Dr. Papia then learned that this type of procedure was being done in Europe and subsequently did site visits and worked with physicians there. During those site visits, he was inspired by the diabetic foot hospitals that are dedicated to aggressive and early treatment for patients with vascular problems. He found the centers in Europe incredibly organized. "They function much like a cancer center, but for diabetic foot problems," says Dr. Papia. "The patient shows up and has everything done from diagnostics to multidisciplinary visits -- medical, surgical, podiatry and wound care are all in one spot. Amputation rates are extremely low and the quality of life rates for these patients are extremely high; overall their outcomes are great."

With increasing age and obesity, diabetic rates are exploding not only in the Western world, but globally. Dr. Papia says that not only is it an epidemic, but there is a tsunami coming to our health system because of this problem. Data from the Ontario government indicates that if you have a foot ulcer and are a diabetic, to treat that ulcer will cost about $6,000 to $9,000. If you have an infected foot ulcer, antibiotics and medical costs bring the cost closer to $12,000 to 13,000.  If you end up having a leg amputation, the cost to the health system is closer to $65,000 to $70,000 for the same patient. "There is a tenfold increase in cost if we don't prevent these ulcers and treat them early," says Dr. Papia.

"Looking forward, we have the potential to benefit patients and make a huge impact on their quality of life," says Dr. Papia. "If I had to pick an area in healthcare 2030 that would address this colossal problem, this would be one of them. It makes sense that if you have this problem that we know is very costly, and has an outcome or diagnosis that is worse than many cancers, without a dedicated center we are going to have a hard time making a difference."

Dr. Papia says if you look at cancer centers for example, or trauma centers, you can't have just one. You need them everywhere if you are going to make a difference. His vision is to take this grassroots initiative provincially and nationally as a campaign for awareness, education, research and ultimately treatment.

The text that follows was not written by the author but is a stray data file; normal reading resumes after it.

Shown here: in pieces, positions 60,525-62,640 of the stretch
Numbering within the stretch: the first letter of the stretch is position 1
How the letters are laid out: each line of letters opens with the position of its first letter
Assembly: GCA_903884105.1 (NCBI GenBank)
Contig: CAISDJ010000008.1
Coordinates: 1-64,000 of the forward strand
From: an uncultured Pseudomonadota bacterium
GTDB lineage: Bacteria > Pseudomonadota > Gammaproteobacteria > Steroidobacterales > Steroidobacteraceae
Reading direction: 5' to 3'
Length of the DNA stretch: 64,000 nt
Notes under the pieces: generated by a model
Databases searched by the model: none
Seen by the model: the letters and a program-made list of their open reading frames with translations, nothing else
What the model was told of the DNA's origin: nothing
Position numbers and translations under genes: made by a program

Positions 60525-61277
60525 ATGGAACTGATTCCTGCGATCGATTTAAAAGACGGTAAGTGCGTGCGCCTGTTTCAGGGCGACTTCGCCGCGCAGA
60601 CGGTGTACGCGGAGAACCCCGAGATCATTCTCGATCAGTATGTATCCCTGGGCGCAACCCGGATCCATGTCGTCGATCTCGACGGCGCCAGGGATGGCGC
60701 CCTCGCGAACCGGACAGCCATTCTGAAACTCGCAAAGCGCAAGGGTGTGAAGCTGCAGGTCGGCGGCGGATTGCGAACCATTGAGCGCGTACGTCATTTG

Project Saving Legs has a Twitter feed and Facebook page to help spread the word and build momentum. Tweet using #SavingLegs, or visit

For more information, contact

How the angioplasty procedure works:

  • After undergoing ultrasound tests (that detail blood flow and reveal narrowed arteries or blockages), a physical exam and sometimes a CT scan in the clinic, patients head to the catheterization lab for an angioplasty procedure.
  • If the patient requires it, some mild sedation may be offered. X-rays of the groin area are then taken to determine the safest point of entry to the patient's femoral artery.
  • After administering a local anesthetic, a small needle puncture will be made in the groin on the side opposite the problem leg. (For a right foot ulcer, Dr. Papia prefers to access the femoral artery from the left side of a patient's groin, a technique that offers him the most manoeuvrability down the blood vessel and offers the best picture of what's happening from the aorta all the way down the leg.)
  • The artery is then punctured with a needle, and a catheter is fed up and over the middle of the femoral artery, down into the opposite leg. (This is all visible on the X-ray monitor mounted next to the operating table.) A coronary wire is fed through the catheter. Dye is injected through the catheter, allowing the surgeon to see the blood flow and vessels via moving X-ray pictures (fluoroscopy).
  • A blood thinner is administered (catheters can sometimes block blood flow and start clotting in the artery); then the wire of choice is fed through the catheter down to the target area. The wire is used to clear the blockage, and then a tiny balloon is slid down to the site of the angioplasty. Using a small hand pump, the surgeon inflates the balloon inside the artery, leaving it in place for three minutes or so, opening up blood flow through the vessel.
  • The balloon, wire and catheter are removed from the patient, and the wound is closed with a closure device. Patients go home four hours post-procedure and return for a diagnostic checkup in a month's time.